Zen Center of Pittsburgh, Deep Spring Temple | About Zen Buddhism
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Buddhism is a deeply held and widely practiced Religion unfolding from The Teachings of Shakyamuni Buddha and expressed through a variety of traditions, activities and spiritual practices traced directly to the life and Teaching of Buddha Himself some 2,500 years ago.

While differing widely in approach and style the various Schools and Sects that unfolded from Buddha’s life work, all lead to awakening and liberation from suffering, caused by fundamental ignorance end craving that is common to all humans. Similarly, all disciplines formed from Buddha’s original teaching value above all the three treasures: The Buddha, both the historical figure and the awakened truth in our own life, The Dharma, the Universal Teaching of Buddha and the Sangha, the community of practitioners.

From the seat of Buddha’s teaching in 6th century BC India near what is now Nepal, to the Modern world, Buddha’s Teaching manifests itself in two great streams of Practice, Theravada or the “School of the Elders”, and Mahayana or “Great Vehicle” of which the Zen School belongs.

While Buddhism as a religion is replete is with faith and belief, the Buddha’s Teaching when manifested in one’s own life is itself closer to a skill-set, the art of well-being and the unfolding of our own Awakening than a requirement for salvation. The various forms and practices associated with Buddhism are often characterized as a Path or Way with Nirvana as an ultimate goal; however, this doesn’t diminish the importance of focusing on the activities of ones’ own life; in general, the Teaching emphasizes this and for Zen Practice it is paramount.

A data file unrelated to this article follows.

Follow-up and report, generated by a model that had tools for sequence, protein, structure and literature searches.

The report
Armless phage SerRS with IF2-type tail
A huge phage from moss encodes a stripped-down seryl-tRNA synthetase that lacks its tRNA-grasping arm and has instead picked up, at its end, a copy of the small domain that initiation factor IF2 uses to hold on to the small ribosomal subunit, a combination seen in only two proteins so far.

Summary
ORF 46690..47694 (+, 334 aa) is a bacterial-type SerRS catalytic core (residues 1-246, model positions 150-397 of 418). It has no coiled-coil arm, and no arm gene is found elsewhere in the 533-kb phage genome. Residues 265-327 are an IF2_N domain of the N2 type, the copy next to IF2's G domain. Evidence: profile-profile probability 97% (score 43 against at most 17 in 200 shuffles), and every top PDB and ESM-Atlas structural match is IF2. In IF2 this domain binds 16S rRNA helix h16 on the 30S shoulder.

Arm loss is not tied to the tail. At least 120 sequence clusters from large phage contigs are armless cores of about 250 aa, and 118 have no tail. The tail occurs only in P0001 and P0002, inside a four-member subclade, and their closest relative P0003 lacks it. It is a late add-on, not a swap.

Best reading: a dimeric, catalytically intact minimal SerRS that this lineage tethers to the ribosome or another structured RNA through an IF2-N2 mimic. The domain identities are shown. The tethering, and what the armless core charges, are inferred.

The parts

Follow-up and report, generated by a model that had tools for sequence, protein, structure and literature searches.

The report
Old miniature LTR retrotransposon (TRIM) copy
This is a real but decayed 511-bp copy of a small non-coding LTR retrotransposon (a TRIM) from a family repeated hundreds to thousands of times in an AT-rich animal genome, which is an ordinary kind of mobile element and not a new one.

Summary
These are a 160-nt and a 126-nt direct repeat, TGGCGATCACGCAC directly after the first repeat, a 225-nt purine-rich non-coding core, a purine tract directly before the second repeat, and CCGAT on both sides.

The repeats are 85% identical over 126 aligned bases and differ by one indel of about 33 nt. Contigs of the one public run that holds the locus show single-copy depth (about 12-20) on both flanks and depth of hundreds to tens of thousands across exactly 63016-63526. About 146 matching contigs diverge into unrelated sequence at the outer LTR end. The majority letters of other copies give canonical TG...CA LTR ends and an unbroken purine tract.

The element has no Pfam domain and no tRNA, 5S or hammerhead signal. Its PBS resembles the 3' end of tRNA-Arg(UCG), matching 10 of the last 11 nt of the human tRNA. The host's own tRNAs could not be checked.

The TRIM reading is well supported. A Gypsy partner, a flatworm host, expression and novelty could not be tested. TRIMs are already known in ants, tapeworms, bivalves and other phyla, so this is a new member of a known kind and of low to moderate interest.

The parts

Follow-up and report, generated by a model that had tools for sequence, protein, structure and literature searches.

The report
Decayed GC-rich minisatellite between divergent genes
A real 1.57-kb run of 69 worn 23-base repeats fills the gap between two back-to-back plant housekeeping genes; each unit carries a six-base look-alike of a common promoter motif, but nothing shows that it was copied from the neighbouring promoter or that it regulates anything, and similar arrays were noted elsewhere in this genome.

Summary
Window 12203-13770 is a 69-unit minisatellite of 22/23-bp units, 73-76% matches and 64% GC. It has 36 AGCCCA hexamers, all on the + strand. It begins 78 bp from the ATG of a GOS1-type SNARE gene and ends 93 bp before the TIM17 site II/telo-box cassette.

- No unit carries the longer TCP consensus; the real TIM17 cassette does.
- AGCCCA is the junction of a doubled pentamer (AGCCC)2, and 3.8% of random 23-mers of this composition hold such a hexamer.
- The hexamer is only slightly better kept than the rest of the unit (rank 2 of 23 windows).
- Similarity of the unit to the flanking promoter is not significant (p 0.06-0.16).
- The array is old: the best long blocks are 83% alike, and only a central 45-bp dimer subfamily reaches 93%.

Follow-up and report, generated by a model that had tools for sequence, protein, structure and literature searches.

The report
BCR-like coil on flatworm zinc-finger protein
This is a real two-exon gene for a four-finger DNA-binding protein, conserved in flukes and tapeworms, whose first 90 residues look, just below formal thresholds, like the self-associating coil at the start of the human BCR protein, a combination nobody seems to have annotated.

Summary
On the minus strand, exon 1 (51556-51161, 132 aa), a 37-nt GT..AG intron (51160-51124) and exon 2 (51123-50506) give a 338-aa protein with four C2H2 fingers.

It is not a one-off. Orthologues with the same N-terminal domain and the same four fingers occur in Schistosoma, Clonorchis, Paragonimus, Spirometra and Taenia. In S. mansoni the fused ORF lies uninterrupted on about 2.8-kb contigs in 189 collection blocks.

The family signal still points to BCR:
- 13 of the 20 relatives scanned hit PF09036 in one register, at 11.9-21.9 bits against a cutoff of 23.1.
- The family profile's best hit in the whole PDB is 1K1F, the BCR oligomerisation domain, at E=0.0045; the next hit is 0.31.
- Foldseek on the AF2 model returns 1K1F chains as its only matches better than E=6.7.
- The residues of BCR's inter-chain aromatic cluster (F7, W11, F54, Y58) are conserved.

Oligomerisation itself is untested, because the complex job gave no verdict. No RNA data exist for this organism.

Zen as a distinct practice traces its beginning to 5th Century China where an Indian monk named Bodhidharma brought teachings and practice that emphasized seated mediation as the paramount gateway to Awakening. He is identified as the 28th Patriarch of Zen Buddhism continuing an unbroken line of Master to Disciple Teaching extending back to the Buddha himself

The Zen tradition as such developed over time in China and by the Tang Dynasty, which some consider the zenith of Zen Practice five “schools” of Zen were recognized; Guiyang, Linji, Caodong, Fayan, and the Yunmen.
Today two of the schools remain Linji or Rinzai and Caodong or Soto in Japanese.  Soto Zen takes its name from two Chinese Monks named Tozan (Ch. Dongshan) and Sozan (Ch. Caoshan) who developed the school in the ninth century.

Zen Center vs Temple

Buddhist Temples can trace their beginnings to ancient Stupas that housed Buddhas relics and to the often adjunct Monastery compounds where monks lived and practiced. Today’s Buddhist Temples operate much the same way.

Zen Centers as such are modern constructs and take as their model the original American Zen Temples that served primarily the congregation of Japanese-American immigrants.  For this population the Temple also served as a meeting place for education and community support programs for the lay Sangha

American Zen Centers grew this model to include with temple life, monastic experience and training for both lay and clergy adherents; as well as broad based education and well-being programs open to all; many paths one Dharma.

Pittsburgh Zen Center, Deep Spring Temple is a Soto School Temple.